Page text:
Патент USA US2135983код для вставки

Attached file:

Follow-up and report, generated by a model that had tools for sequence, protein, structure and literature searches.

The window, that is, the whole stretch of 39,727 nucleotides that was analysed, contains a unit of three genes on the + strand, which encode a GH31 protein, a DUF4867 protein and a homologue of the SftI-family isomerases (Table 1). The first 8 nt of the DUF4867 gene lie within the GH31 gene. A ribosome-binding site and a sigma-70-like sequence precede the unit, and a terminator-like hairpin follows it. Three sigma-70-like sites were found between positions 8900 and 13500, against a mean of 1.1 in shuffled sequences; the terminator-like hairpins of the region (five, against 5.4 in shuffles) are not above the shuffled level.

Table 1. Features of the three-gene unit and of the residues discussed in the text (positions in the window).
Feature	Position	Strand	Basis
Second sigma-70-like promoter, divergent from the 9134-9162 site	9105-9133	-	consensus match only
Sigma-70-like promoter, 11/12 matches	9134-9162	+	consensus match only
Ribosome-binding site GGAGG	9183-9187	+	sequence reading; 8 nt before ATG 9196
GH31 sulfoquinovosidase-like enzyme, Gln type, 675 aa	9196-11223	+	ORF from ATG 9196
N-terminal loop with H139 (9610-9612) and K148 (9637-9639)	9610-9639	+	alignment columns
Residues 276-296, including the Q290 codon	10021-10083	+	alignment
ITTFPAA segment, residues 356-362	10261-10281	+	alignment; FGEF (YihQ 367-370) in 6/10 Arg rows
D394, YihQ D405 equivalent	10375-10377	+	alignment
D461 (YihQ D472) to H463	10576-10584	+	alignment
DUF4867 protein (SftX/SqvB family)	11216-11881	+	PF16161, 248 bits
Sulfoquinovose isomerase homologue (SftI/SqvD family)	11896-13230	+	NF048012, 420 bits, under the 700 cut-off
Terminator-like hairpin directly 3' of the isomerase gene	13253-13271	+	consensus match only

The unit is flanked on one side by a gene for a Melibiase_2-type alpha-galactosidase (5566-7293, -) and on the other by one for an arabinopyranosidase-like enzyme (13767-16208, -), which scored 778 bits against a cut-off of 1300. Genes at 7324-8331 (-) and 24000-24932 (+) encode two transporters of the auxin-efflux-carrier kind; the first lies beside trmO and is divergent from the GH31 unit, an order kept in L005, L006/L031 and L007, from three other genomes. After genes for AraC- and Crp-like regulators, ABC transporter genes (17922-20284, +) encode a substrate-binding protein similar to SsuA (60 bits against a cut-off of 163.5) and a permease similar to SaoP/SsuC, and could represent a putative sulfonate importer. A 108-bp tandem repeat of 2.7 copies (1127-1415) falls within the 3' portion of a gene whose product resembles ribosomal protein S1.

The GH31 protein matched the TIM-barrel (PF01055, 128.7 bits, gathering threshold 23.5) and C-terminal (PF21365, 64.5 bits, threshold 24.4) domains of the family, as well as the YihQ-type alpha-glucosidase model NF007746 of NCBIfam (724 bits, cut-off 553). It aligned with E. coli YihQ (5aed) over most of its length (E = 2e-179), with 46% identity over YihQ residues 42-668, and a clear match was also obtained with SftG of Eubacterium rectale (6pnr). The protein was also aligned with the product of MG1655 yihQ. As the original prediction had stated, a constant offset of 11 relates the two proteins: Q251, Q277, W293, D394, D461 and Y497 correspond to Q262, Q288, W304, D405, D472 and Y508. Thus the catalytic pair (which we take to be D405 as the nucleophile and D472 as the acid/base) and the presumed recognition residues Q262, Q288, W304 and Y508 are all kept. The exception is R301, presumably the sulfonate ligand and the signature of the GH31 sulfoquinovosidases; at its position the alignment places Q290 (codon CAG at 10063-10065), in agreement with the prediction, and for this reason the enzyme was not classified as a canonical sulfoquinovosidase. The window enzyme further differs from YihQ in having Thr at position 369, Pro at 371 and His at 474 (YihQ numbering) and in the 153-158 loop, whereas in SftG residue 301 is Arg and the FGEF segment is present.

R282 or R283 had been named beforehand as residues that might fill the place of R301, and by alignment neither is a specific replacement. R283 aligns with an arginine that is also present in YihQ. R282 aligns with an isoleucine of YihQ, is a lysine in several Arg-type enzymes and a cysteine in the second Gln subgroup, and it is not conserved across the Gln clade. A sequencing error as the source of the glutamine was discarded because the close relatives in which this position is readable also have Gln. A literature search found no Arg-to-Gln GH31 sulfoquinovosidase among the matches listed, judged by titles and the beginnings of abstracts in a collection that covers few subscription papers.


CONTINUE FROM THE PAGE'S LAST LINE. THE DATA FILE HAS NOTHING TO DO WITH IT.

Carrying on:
Patented Nov.v8,1938 1 ‘ " . 2,135,983 UNITED STATES PATENT orrlcr. , 2,135,983 ‘ ‘ METHOD‘OF PRODUCING BEBYLLIUM ‘ ALLOYS Menahem Merlub-Sobel, Cleveland, Ohio, as- Q signor to The Beryllium Corporation, New ' York, N. Y., a corporation of Delaware v No Drawing. Application November '1, 1934, Serial No. 751,965 15 Claims. This invention relates to the direct formation of beryllium alloys, particularly beryllium alloys with heavier metals, such as copper, nickel, iron, cobalt, silver, etc. 5 ‘ It has been known for many years that alloys composed of beryllium and copper possess prop erties of hardness and high electrical conduc tivity; and more recently their age-hardening properties have been discovered. This same char 10 acteristic of beryllium, that of increasing hard »' , (Cl. 75-135) tendency for alloying of the light metal into the bath of the heavy metal that comparatively little of the beryllium is captured. Even at tempera tures as high as -1400° 0., above the melting point of beryllium, and irrespective of whether partial ly alloyed copper or pure copper is used, no signi ?cant electroalloying takes place. It is therefore quite evident that, just as with a molten cathode, so a molten collecting bath will not be found sat-t isfactory. ‘Efforts to [disperse molten copper by ‘spraying, or- by colloidal action, have not suc upon'metals, is found with others of the heavy ceeded, and I have therefore been led to a pro ness and of conferring age-hardening properties metals-such as cobalt, nickel, iron, and ferrous ' cedure which, though reversing normal outlooks, alloys of varying ‘complexity. ' In addition to those has nevertheless proven very successful, 15 15 already mentioned, alloys of beryllium with alu ' 11', instead of raising the temperature of the al minum have been shown to be of great value, par ticularly where great lightness is desired in con‘ iunction with relatively good strength. Similar ' ly silver beryllium alloys have great value be 20‘ cause‘ of their resistance to tarnish. , Despite the technical advantages ‘gained by the use of beryllium as a constituent‘of various alloys, ‘ commercialization of such alloys has been retard ed by their high cost. This has been the inevitable 25 result of the necessity for making beryllium ai loys by simple alloying of the metallic'elements, loying metal bath, as all previous experimenters have attempted, in order to increase alloying ac tivity, the initial temperature be reduced to below the melting point of copper, or other heavy metal employed, and if the solid copper be present in a 20 condition to present large surfaces, alloying takes place readily and smoothly. Moreover, aswill be shown later, it is possible to make such a process readily continuous,‘ther':by removing one of the fatal drawbacks to economy in all beryllium op 25 , erations in the past. It is to be understood that l the high cost of beryllium metal-a re?ection of wherever copper is referred to herein, the other its high standing in the electromotive series-its ‘ heavy metals mentioned are to be considered as high melting point, and lesser di?iculties, such as included, slight modi?cations in technique neces 30 sitated by different melting points, etc. being, of 80 ‘ready oxidizability, lack of ?uidity, etc. Any eco ‘ _ nomical utilization of beryllium in alloy form course, necessary. therefore necessitates the direct formation of the - > Even the presence of copper in relativesr mas ' alloys from cheap beryllium compounds instead sive but always urn-molten form makes for of the present practice of alloying the elementary readier alloying, but I prefer that the copper or 35 metals. ‘ ' Many attempts to accomplish this end have other metal is added in more finely divided form and well dispersed in one or both of the react ing constituents. The term “dispersed" is not molten cathodes of cop‘per,’iron, etc. I have been ‘ herein'used in the technical sense as employed tried by numerous workers, but all with‘ failure or in-colloid chemistry, but in the more general sense of subdivision ranging from granular or ?lamen 40' at best indifferent success. Codeposition of beryl tous condition to the molecular subdivision of so lium and copper has been suggested; likewise de _ been made; Electro-deposition of beryllium into positing alternately beryllium and copper, but no practical results have been found attainable. lution and thorough admixture with the other . More recently, it has been proposed to manufac sis, or by reduction of the‘ metallic oxides by'hy 45 45 ture copper-beryllium alloys by beryllium forma-' tion in the presence of molten copper as a col reactants. I prefer powdered metal; and this can be made quite economically by aqueous electroly drogen, carbon monoxide, carbo , etc. For ex ample, ground mill scale provides an excellent, _ lecting agent, but it has been the applicant’s vex perience with this procedure, even before the inexpensive raw material for reduction to fine a publication of such data, that inadequate results copper powder of the desired time. My experiments indicate that the reduction of 50' 50 are obtained. ..In all probability the same factor ‘ the beryllium compound in the presence of such is here involved which acts to inhibit the ‘forma tion of beryllium-copper alloys in the‘ attempted dispersed copper, as indicated, takes place most readily when a halide, or a mixture of halides, of deposition of beryllium into a molten copper cath beryllium is reduced by a metal more electropos ode. In the latter case,-it has been observed by itive than beryllium. It is known that the rela 55 55 .all workers in this ?eld that there is so low a r I 2 2,185,988 ‘ tive electropositivity of beryllium and other ' by the reaction to carry the temperature there- a metals involved in this process varies in accord— ance with the compounds in which such metals appear. It is, therefore, to be understood that Cl above. After the reaction is complete it is de sirable to elevate the temperature above the melt ing point of the heavy metal so as to incorporate any small particles of unreacted heavy metal $1 and produce a homogeneous product. This step the term “electropositive” and terms of similar import refer to the characteristic as exhibited in the case of the compounds in question. For’ ex may include the addition of ‘a further quantity of the heavy metal or of some other metal, if de ample, beryllium chloride can be reduced by means of metallic sodium, the reactions being sired. By intentional dissipation of the heat of initiated at about 500° C., or even lower, in the reaction it is possible to complete the reaction 10 . presence of dispersed copper. I prefer to carry at altemperature below the melting point of the. out this reaction in a fused medium, with agita beryllium-heavy metal alloy. If such procedure is tion. By employing a fused medium I am able ‘ followed, the temperature should be raised, ‘after to‘ secure good contact between the heavy metal the reaction is complete, to a point above the 15 and the beryllium compound so that wherever melting point of the alloy,- in order to fuse and reduction of the beryllium compound occurs, by coalesce the particles thereof. reason of. contact with‘ the reducing metal, the Equally successful is the use of fluorides of nascent beryllium can immediately contact the beryllium, either the double fluorides such as heavy metal. The fused medium serves not only ' NazBeFr or the mono?uoride, BeFz. This may 20 as a diluent and means of transmitting heat and be carried out with copper or other heavy metal dispersing the beryllium compound, heavy metal in a dispersion medium consisting of sodium ?u and, in some cases, the reducing agent, but also oride, sodium chloride, calcium chloride or other as a dispersion medium for the alloy of beryllium alkali or alkaline earth halide, or, as previously and heavy metal whereby to prevent any possi shown, without any additional dispersion jme 25 ble occlusion of unreacted materials by the al dium. If sodium fluoride is employed with beryl loy. Any alkali halide or alkaline earth halide lium ?uoride, the double salt is formed as in the or any mixture of one or more thereofis suit case of the chlorides and with similar advantage. able as a reaction medium; Thesecompounds These compounds can be reduced with sodium, are not miscible with the resulting alloys and calcium, or even magnesium. In the last-men— 30 therefore permit ready separation by gravity of tioned case, a ternary alloy is formed; and this 30 themolten alloy. Sodium chloride, calcium chlo has direct advantages of its own even over the ride and sodium ?uoride are particularly well binary beryllium-heavy metal alloy. However, suited for the purpose, as will appear. Many of if only the binary alloy is desired, the ternary the alkali and alkaline earth halides are impracti may subsequently be held above the boiling point 35 cal on account of their high cost, although the of magnesium for a time su?icient to volatilize 35 oretically suitable. Still other substances may be used as dispersion'media. out that metal and retain only the binary alloy. I have made no Afurther modi?cation of my invention permits the union of the reducing metal with the alloy attempt to determine exhaustively the substances which can be used, but it may be stated general .40 ly that any substance, which is molten at the desired temperatures and is inert to or does not react harmfully with the reacting substances or products of the reaction and lends itself to ready ing metal, the basic principle of dispersion being ~ For example, a ?uoride of the 40v above-mentioned type may be reduced by a cop per-calcium alloy‘. Using an alloy of 40% calicum content will yield, after reaction, an‘ alloy of ap proximately 12-_15% beryllium, ideal as a master _ maintained. separation after the reaction, is suitable. It is 45 not necessary to use any dispersion medium in addition to the reactants since the beryllium com pound itself maybe fused and act as a disper sion medium for the other materials. It is. however, desirable to have the dispersion me 50 dium since the beryllium compounds are apt to volatilize excessively ii’ the -.temperature goes much above their melting points. In the case of a compound such as sodium beryllium ?uoride, the sodium ?uoride component may be regarded 55 as the dispersion medium. In the case of the reduction of beryllium 'chlo# ride in the presence of dispersed, solid copper by means of metallic sodium it is desirable to use fused sodium chloride as a dispersion medium. 60 The double salt sodium beryllium chloride (NazBeCh) is formed which greatly reduces the volatility of the beryllium chloride. Thus while the boiling point of beryllium chloride is about 475° C., the double salt remains substantially un 65 volatilized at 800° C. ' 7 alloy for dilution with further copper to the 2-3% 45 beryllium contentwhich is commercially most desirable. The same principle is ready applicable, to create a silver-beryllium alloy, by reducing beryl lium chloride (preferably in combination with sodium chloride) by a sodium-silver alloy. It is manifest that the readiness of alloying, in light of what I have shown above, will vary with the particle size of the alloying metal and that fair results may be had from the use of a 55 relatively coarse dispersion of the heavy metal; , practical considerations, however, dictate that the heavy metal added for alloying be in a condition to measure no more than approximatelyyOJ of an inch each in at least two of its dimensions, 60 and preferably in all three. As already stated, I prefer truly powdered metal;_ and ranges of 50 mesh to 200 mesh have proven eminently satisfac~ tory for the'purpose'. However, a state of subdi vision less ?ne may be successfully used, particu 65 larly where vigorous agitation is employed. As stated above, I reverse the trend of the art by going to lower instead of higher temperatures. ~ The process, unlike any hitherto in actual prac I am able to effect the alloying of beryllium with tice for beryllium or its alloys, can be made fully the heavy metal at-temperatures even below the continuous. For ‘example, beryllium fluoride. melting point of the alloy, as well as at tempera made best by decomposition of the double am turesbetween- the melting points of the alloy and monium beryllium ?uoride, either in situ or sepa 70 the heavy metal constituent thereof. As a prac rately, is added-continuously to a bath of sodium tical matter it is advantageous to start the-reac fluoride or related ?uorides, and simultaneously, tion at a temperature well below the melting there is continuous addition of copper powder ‘ 75 Point ‘of the alloy and‘ allow the heat liberated and of the reducing metal, sodium. The bath is ‘2,185,983 . preferably held at a temperature above the melt- ' ' ing point“ of the copper-beryllium alloy to vbe made, and below the melting point of copper. As excesssodium ?uoride forms'in the bath, it can 51 bebled'off and a continuous-flow of copper-‘beryl lium alloy can be tapped from the bottom of the reaction receptacle. The same process is possible using beryllium chloride and sodium chloride. ,It should be noted that it is possible to hold the bath itself at a temperature * above the melting point of the heavy metal, provided such metal is contacted with the nascent beryllium before the particles of heavy metal can melt and coalesce. I therefore wish it understood that where bath i temperatures are herein speci?ed as below the melting point of the heavy metal, such expres ‘ sions are not to be strictly construed but are to be given sufficient scope to cover such possible varia tions, within the spirit of my invention. ’ _ The process holds particular advantages over 1 the present standard procedures; for alloying beryllium with iron, nickel and even copper by reason of the possibility of working at tempera tures lower than the melting points of these metals, temperatures at'a suitable working range ‘above the melting points of these metals being undesirably high and difficult to control. The percentage of beryllium in the alloy can readily be regulated by proportioning the beryl 30 lium compound and the reducing agent in rela tion to the other metal present. his generally convenient to produce the alloy with higher per centages of beryllium than is intended to be used . in the ?nal product and then to dilute the alloy thus obtained by melting it with a suitable addi tional'quantity of the other metal. > Examples (1) One hundred thirty parts by weight of 40 sodium beryllium ?uoride,~ such as results from the interaction of beryl with an alkali silico?uo ride, are introduced into a bath of fused sodium fluoride,.or fused sodium-chloride. One hundred seventy ?ve parts of copper powder are added with agitation. Continuing the agitation, ?fty 45 parts by weight of metallic sodium are added piecemeal. The reaction is preferably carried out 3 . (2) Eighty parts by‘ weight beryllium chloride are brought to fusion temperature. One hundred seventy ?ve parts of copper powder are added with agitation. Continuing the agitation, ?fty parts by weight of metallic sodium are added 91 piecemeal‘ and sufficiently slowly to avoid a rise _in temperature to a point above the melting point of copper before the reaction is substantially complete. (3) . One hundred thirty parts by weight of sodium beryllium vfluoride are introduced into a fused bath of sodium ?uoride or sodium chloride and one hundred ten parts by weight of copper calcium alloy in powder form and containing forty percent calcium, are added, with agitation, and piecemeal. ,In this case the other conditions‘ and procedure are the same as in the ?rst ex ample. The copper-calcium alloy can be handled more readily‘than sodium and contains the neces sary copper. This procedure therefore possesses some advantages. . In both the above examples eighty parts of beryllium chloride can be substituted for the sodium beryllium fluoride. The examples given indicate desirable procedures, but, obviously, a great many variations as to quantity, tempera-_ ture etc. are possible and numerous selections of reacting materials and end products can be ’ made, all within the spirit and scope of my in vention. I therefore wish it understood that I‘ 30 am limited only, in accordance with the append- ' ed claims and the prior art. Having thus described my invention, what I “ claim is: ~ 1. Process of alloying beryllium with another metal which. alloys therewith comprising dis persing a reducible beryllium ‘compound and such other metal in ?nely divided solid form in a fused dispersion medium at a temperature be low the melting point of such other metal and 46 contacting the dispersed substances with a re ducing agent for the beryllium compound. whereby to causewcontact of the nascent beryl lium with the small particles of said other metal, the temperature, however, being sufficient to ef 45 fect said alloying. - ' 2. Process of alloyingberyllium with one or metals selected from the group consisting in equipment of chromium-iron because of the ' more the reacting compounds, of copper, iron, nickel, cobalt and silver, com prising dispersing a beryllium halogen com although iron or steel, equipment can be used. 50 and said metal or metals in ?nely divided‘ The temperature at the beginning of the reaction pound form, in a fused dispersion medium ‘selected is just above the fusion point of the bath and is from the group consisting of the alkali and al- _ ' maintained at the desired low temperature by kaline earth halides and mixtures thereof, at a loss of heat to the surroundings, which can be temperature below the melting point of said. determined either by the construction of the metal or metals but sufficient to e?fect the alloy equipment or by the rate at which'the sodium is ing, and adding a beryllium reducing agent. added~or partly by each. Preferably the .tem 3. Process of alloying beryllium with another perature is kept below the melting point of the ,metal which alloys therewith comprising dis alloy produced but may be between that tem-' persing a reducible beryllium- compound and 60 such other metal, the latter being in ?nely di 60 perature (which varies‘ according to the composi tion of the alloy) and the melting point of copper. vided solid form, in a fused dispersion medium .‘A’fter the reaction is complete, the temperature immiscible with the resulting alloy, at a temper is raised to about 1100" C. whereby to form a ature below the melting'point of such other homogeneous alloy of beryllium and copper which ‘' metal and contacting the dispersed substances is about ?ve percent beryllium and to'volatilize with a reducing agent for the beryllium com 65 any' excess sodium present. The temperature pound whereby to cause contact of the nascent may optionally be kept down by the addition dur beryllium with the small particles of said other ’ ing the latter part of the reaction of a further metal, the temperature being su?icient to effect ‘ quantity of from one hundred to two hundred 70 ' parts by weight of copper either in powder or the4. alloying. The process offorming' beryllium-copper granular or even relatively massive form whereby alloys comprising reacting a beryllium halogen to give an end product of from two to three per compound with a ‘metal more electropositive , cent beryllium, the temperature being raised after than beryllium in the presence of ?nely divided the reaction is complete to about 1100° C. to give 75 solid copper. . , corrosive properties, of / 75 a homogeneous product. 4 Cl 2,135,983 5. The process of forming beryllium-copper being maintained below the melting point of the alloys comprising reacting a beryllium halogen . copper until the reaction is substantially com compound with a metal more electropositive plete when the temperature is raised to precipi than beryllium in the presence of ?nely divided tate the alloy. solid copperpsaid beryllium compound and said 12. The process 01 forming. beryllium-copper CI .copper being dispersed in a fused dispersing alloys comprising reacting a beryllium halogen agent of the group consisting 01' the alkali and alkaline earth halides. ' -6. Process of alloying beryllium with a metal alloyable therewith comprising dispersing said metal in solid form in a fused, reducible com~ pound of beryllium and contacting the resulting mixture with a reducing metal at a temperature ‘below the melting point of said alloyable metal but sufficient to effect the alloying. ‘ 7. The process of forming beryllium-copper" alloys comprising reacting a beryllium halogen compound with a reducing metal in ‘the presence 'of ?nely divided solid copper. 8. The process of forming beryllium-copper alloys _ comprising. reacting sodium beryllium ?uoride with magnesium in the presence of ?ne ly divided solid copper. , v ‘ 9. The process» of forming beryllium~copper [5 Li compound with a metal more electropositive than beryllium in the presence of ?nely divided solid copper, the temperature of the reaction be ing maintained below the melting point or the copper and preferably close ‘to the melting point 01' the alloy. 10 > - 13. The process of forming beryllium-copper alloys comprising reacting a beryllium halogen compound ‘with a metal more electropositive 15 than beryllium in the presence of ?nely divided solid copper, starting the reaction well below the melting, point of the alloy, and allowing the temperature to rise above the melting point of the alloy and then elevating the temperature 20 above that of the copper. ' 14. The process 0f-.Icrming beryllium-copper alloys comprising reacting a beryllium halogen compound with a, metal more electropositive than beryllium in the presence oi.’ ?nely divided solid copper, starting the reaction well below divided solid copper. I ' the melting point of the alloy, allowing the tem 10. The process of forming beryllium-copper perature to rise above the melting point of the alloys comprising reacting a beryllium halogen ‘ alloy and then elevating the temperature above compound with a metal more electropositive than beryllium in the presence of ?nely divided that of the copper, and adding additional solid 30 solid copper, the temperature of the reaction copper in a suitable state of division.‘ alloys comprising reacting beryllium chloride with metallic sodium in the presence of ?nely being maintained below the melting point oi.’ the copper. . v 11. The process of forming‘ beryllium-copper alloys comprising reacting a beryllium halogen compound with a metal 1 more electropositive than beryllium in‘th‘e presence of ?nely divided solid copper, the temperature of the reaction 15. The process’ 01' forming beryllium-copper alloys comprising reacting‘ a beryllium halogen compound with a vmetal more electropositive than beryllium in the presence of ?nely divided - solid copper, and adding additional solid copper in divided state after the reaction is complete. mam mun-scam. ‘ '